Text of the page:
What do you think of when you hear the term conservation? Admittedly the first things that jumps to my mind are trail work and invasive species removal because that’s all I’ve known for so many years. Despite how exhausted I might’ve been at the end of day one or the end of a hitch 24-days later, I loved (and still do) every single second of it.
However I needed to know for certain that this was the route that I’ll continue, at least until my body decides that enough is enough. I’m guilty of being a little reckless and maybe a little bit of a hero when it comes to manual labor. These are some reasons on why I decided to give another side of conservation a shot. These are things that I never thought about but knew was part of the conservation mission.
A lot of SNEP’s work is surveying; whether it be by canoe, foot, from afar via binoculars, or another method. Up close we might be looking for galerucella beetles to see if they’re effective against an invasive known as purple loosestrife. Meanwhile a radio form of telemetry is used to keep track of New England Cottontails (NEC), a threatened rabbit species released on Patience Island. NEC are a major part of our program and we’ve recently begun forays into the island to do vegetation surveys which consists of a tedious and methodical process.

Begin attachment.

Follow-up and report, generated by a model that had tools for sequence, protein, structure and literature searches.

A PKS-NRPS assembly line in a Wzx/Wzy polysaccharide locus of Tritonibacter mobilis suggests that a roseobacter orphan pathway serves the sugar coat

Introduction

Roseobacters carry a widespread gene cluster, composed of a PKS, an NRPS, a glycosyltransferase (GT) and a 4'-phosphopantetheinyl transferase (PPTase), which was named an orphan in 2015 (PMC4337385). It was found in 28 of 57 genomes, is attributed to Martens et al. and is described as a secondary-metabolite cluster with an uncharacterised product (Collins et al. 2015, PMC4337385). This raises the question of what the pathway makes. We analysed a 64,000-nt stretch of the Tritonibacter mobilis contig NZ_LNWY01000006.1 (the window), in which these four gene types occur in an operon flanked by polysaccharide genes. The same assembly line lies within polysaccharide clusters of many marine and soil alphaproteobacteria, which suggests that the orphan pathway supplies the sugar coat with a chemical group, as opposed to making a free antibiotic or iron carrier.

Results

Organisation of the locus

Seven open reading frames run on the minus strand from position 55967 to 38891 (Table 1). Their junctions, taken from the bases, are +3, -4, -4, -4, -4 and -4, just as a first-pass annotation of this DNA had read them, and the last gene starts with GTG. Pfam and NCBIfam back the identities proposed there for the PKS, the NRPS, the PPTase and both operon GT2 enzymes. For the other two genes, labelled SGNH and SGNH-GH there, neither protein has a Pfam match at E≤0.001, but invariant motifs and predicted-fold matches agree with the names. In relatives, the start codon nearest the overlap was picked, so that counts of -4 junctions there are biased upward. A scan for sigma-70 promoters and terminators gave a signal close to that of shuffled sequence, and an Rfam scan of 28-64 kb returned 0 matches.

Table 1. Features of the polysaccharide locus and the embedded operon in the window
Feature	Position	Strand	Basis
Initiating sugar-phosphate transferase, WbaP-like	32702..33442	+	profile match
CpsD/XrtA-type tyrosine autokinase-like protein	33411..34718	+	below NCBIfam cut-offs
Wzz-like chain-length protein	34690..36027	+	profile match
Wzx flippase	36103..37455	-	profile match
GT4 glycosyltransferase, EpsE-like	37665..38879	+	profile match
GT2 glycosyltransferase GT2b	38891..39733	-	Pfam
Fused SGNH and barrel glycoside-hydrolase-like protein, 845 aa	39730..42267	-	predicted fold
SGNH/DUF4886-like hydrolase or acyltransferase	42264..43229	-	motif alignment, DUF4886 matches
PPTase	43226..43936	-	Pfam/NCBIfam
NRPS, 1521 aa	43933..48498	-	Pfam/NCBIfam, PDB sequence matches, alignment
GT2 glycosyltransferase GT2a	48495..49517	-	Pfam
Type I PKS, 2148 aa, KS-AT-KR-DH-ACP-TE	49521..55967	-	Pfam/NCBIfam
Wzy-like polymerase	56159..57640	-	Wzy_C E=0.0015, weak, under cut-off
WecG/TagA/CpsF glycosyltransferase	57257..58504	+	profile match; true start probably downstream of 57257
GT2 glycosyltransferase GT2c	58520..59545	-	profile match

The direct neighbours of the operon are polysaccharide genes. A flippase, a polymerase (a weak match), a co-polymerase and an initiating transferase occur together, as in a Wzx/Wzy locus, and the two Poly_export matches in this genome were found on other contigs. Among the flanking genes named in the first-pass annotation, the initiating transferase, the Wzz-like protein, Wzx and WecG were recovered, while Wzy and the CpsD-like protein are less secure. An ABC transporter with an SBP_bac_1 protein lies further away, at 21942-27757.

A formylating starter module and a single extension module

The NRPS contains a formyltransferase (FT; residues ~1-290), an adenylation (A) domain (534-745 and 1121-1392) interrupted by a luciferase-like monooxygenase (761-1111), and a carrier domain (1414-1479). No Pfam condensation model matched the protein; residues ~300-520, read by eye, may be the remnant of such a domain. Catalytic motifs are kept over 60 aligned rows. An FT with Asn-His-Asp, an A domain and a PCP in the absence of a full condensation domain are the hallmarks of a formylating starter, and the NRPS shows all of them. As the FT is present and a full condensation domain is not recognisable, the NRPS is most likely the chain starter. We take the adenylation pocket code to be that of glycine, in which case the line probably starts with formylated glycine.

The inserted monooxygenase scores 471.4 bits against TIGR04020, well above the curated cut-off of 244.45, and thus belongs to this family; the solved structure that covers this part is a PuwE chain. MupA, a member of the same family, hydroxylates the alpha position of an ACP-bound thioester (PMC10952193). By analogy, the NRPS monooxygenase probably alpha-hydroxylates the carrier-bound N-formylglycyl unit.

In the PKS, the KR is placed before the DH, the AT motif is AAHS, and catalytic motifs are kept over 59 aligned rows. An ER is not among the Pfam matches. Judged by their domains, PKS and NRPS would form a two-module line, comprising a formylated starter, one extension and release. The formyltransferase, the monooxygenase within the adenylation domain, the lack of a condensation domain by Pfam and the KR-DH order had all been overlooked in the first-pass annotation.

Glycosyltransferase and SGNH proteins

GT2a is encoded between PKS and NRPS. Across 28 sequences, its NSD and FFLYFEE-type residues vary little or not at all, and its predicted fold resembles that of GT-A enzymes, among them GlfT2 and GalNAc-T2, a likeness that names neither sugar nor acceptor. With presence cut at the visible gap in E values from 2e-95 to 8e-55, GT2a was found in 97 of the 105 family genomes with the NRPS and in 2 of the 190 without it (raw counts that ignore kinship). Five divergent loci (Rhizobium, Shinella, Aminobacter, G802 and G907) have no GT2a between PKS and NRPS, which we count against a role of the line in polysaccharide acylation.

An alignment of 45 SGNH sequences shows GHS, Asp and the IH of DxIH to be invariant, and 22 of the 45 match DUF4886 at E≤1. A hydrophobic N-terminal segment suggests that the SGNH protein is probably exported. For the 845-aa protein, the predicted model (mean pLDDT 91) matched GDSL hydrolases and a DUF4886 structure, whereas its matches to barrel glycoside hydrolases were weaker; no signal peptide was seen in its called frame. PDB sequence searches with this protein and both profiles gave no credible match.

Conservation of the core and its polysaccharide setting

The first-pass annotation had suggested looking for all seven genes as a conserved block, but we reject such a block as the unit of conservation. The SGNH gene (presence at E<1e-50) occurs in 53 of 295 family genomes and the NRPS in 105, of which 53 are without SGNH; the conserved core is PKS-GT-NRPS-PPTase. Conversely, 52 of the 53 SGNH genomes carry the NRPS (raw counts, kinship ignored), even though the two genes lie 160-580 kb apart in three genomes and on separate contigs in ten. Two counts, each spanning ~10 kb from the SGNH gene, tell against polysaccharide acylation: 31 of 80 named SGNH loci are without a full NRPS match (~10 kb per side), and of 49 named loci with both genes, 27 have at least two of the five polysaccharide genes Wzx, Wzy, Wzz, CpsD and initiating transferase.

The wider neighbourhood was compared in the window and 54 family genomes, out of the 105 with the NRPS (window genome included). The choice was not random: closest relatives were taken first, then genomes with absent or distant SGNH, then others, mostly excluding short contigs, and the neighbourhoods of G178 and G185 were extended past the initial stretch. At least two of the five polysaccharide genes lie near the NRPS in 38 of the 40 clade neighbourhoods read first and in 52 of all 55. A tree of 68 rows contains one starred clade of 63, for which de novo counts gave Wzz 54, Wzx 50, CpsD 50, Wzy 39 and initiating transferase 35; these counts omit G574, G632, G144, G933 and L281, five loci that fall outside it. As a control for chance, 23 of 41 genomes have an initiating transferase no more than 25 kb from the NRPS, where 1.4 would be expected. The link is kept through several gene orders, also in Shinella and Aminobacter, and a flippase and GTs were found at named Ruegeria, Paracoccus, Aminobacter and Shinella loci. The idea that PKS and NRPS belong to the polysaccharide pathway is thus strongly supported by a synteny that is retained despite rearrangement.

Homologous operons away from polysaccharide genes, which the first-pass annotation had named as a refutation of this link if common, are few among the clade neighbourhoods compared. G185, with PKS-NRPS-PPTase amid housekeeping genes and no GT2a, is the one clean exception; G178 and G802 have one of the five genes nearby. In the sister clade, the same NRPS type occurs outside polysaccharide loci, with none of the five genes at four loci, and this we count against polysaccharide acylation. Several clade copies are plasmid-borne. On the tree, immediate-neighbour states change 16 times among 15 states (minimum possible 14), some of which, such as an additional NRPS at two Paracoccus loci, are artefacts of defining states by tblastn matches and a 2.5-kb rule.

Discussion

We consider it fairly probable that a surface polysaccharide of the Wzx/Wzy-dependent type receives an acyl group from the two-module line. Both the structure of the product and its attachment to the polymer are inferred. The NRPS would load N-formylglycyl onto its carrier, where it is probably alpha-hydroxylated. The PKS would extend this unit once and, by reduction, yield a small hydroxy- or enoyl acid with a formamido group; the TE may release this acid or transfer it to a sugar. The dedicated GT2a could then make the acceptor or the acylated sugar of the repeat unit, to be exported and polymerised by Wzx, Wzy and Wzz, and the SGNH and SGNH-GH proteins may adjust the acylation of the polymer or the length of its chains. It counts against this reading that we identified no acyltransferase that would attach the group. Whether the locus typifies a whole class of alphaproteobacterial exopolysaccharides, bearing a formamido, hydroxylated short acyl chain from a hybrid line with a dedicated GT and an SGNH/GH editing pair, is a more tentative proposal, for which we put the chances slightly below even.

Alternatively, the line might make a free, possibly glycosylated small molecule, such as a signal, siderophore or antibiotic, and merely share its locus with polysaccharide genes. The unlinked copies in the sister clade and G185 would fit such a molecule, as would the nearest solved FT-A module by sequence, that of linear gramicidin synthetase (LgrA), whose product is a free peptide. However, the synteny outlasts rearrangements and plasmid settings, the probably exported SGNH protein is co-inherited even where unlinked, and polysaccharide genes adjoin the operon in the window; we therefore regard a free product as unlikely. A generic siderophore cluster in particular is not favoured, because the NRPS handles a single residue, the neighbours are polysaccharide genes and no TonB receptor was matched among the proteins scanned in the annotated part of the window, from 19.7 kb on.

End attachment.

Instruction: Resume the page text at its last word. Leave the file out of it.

Telemetry work and New England Cottontails transporting
Much of our work revolves around birds- specifically the previously mentioned American oystercatchers, terns (common, least, Roseate, etc.), and piping plovers to name a few. Oftentimes we would work with the refuge piping clover crews when they needed an extra pair of hands.
A distracting plover parent, an exclosure, and a fresh nest.
I’m in my tenth week of the internship and sometimes I find myself forgetting that yes, rather than hiking several miles I’m walking a few on the beach and it’s still part of conservation work. That’s looking for chicks of various species and keeping an eye on them to see if they’ve ﬂedged as well as to make sure humans aren’t hassling them. That’s putting up exclosures to keep out predators. That’s trying to figure out the effects of rising sea levels and the change in temperature. There’s much that goes into conserving, protecting, and enhancing the native ﬂora and fauna which is so incredibly important. At least this work can easily be linked to the familiar trail work that I love so much. Everything in the conservation world is connected despite the differences in work.
Some things don’t change though…
Luckily these little guys are just dog ticks and at the time of this blog post I’m still Lyme’s free. Thank goodness for Permethrin.